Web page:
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Robert Anderson used nonstandard analysis to generate Brownian motion from a finite random walk obtained from coin tosses, where "finite" means indexed by an infinite, non-standard natural number. The corresponding random walk has bounded variation under a non-standard bound. One can then do everything in terms such an random walk, as has been done without rigorous justification before. The Itô-integral can be obtained from a Stiltjes-integral on the random walk, they differ only by an infinitesimal. An outline of the arguments can be found here. For the details, see:

MR0464380 (57 #4311) Anderson, Robert M. A non-standard representation for Brownian motion and Itô integration. Israel J. Math. 25 (1976), no. 1-2, 15--46.

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I know this thread is already two years old, but, while preparing for a path integration exam, I arrived at an intuitive picture that sheds some light on the origin of the extra term. The picture represents an integral of a smooth function with respect to a concrete realization of Brownian motion. The sum of the areas of the green rectangles represents the difference between Ito (using the left point of each interval) and "anti-Ito" (using the right point of each interval) for sampling of the Brownian motion represented by the red line. Finer sampling leads to smaller rectangles, but they overlap more and more (because Brownian motion is not monotonic), so even if the area occupied by them tends to zero, the sum of their areas does not. This suggests (only suggests -- it is an upper bound on the difference, not a lower bound) that there is a "room" for Ito and "anti-Ito" to differ in their values. Stratonovich can be expected to lie somewhere in between.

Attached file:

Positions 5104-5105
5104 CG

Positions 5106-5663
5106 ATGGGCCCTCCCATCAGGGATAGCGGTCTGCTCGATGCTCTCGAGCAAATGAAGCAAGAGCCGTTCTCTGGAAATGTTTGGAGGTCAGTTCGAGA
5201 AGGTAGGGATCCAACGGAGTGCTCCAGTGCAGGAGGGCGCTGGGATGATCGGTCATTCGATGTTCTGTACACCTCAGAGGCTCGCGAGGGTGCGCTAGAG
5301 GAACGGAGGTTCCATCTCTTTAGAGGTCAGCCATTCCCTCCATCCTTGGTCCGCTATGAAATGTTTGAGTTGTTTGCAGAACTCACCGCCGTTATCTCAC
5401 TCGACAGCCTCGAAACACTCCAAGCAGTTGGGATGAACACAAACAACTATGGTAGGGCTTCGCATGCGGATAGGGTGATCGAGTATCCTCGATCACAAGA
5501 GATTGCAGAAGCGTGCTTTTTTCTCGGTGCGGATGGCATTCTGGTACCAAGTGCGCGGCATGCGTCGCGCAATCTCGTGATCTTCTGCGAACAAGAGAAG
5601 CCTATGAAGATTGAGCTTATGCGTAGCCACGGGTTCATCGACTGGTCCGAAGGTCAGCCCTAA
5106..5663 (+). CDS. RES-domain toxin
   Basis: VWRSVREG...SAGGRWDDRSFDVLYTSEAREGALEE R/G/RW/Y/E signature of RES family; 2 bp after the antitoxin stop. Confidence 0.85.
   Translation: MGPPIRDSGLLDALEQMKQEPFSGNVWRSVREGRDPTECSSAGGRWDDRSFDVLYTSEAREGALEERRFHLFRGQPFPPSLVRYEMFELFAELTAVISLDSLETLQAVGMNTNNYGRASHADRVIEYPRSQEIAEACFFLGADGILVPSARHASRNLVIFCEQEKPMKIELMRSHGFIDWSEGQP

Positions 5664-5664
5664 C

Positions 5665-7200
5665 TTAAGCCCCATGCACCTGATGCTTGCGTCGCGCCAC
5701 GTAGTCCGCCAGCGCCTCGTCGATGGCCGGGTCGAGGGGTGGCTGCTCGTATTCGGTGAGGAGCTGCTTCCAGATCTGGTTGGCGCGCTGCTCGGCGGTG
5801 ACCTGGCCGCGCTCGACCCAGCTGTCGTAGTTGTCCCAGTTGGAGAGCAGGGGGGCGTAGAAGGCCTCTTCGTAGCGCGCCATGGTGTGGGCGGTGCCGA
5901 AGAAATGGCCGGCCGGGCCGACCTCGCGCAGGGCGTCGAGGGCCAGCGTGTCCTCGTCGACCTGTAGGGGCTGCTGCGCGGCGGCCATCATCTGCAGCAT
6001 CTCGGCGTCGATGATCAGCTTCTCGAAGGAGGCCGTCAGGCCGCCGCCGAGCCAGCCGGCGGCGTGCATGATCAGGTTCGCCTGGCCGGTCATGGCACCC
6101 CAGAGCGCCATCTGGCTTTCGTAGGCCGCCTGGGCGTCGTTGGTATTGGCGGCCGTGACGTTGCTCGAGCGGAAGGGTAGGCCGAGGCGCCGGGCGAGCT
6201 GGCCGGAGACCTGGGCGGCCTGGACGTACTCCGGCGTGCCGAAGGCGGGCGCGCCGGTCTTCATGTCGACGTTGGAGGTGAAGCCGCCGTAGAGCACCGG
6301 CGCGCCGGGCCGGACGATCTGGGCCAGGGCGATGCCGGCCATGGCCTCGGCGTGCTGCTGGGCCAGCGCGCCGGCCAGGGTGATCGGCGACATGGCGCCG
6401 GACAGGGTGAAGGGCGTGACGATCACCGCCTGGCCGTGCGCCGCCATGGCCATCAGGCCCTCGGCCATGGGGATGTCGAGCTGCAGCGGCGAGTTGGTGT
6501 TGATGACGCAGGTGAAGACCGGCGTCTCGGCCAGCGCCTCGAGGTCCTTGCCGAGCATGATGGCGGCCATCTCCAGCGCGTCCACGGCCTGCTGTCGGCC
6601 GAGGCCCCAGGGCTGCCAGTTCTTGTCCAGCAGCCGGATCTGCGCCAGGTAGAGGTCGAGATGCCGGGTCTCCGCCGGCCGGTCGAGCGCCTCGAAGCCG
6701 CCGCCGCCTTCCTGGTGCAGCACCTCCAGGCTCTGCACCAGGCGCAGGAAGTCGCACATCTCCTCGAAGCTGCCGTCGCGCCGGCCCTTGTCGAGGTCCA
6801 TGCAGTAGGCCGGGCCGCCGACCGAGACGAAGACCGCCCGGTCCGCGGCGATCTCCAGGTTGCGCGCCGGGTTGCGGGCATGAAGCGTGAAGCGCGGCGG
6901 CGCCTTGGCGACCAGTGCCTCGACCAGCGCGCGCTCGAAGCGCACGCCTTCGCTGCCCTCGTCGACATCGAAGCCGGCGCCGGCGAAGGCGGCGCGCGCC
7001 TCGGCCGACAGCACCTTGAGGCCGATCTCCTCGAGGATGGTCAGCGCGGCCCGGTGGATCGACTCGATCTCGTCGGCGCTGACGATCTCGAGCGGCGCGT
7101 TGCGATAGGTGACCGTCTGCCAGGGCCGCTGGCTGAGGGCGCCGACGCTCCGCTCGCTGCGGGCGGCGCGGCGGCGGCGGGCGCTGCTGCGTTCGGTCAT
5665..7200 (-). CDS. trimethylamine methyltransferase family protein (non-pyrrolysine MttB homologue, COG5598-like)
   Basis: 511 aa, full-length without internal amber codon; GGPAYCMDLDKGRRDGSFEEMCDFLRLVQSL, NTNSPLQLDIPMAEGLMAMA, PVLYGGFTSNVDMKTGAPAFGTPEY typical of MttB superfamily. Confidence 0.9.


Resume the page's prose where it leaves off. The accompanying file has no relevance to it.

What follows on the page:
Look at the following image:


                 Brownian Motion

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(I included the image whose URL was cited.) –  Joseph O'Rourke Jun 24 '12 at 0:00
@Pavel: +1: Thank you, this is really interesting. Did you arrive at this picture yourself or did you see it in a paper, book etc? Then a reference would be great. Thank you again. –  vonjd Jun 24 '12 at 10:04
I arrived at it myself, so I am not aware of any reference to provide. It is certainly very heuristic. For example, some of the rectangles have actually negative sign. OTOH, if we know from a rigorous proof that the extra term is nonzero, this picture attributes that term to the fact that the the error rectangles overlap. –  Pavel Bažant Jun 26 '12 at 10:00

Here is my two cents on an intuitive explanation of the Ito integral:

The Ito integral is $\int_S^T f(t,w) dB(t,w)$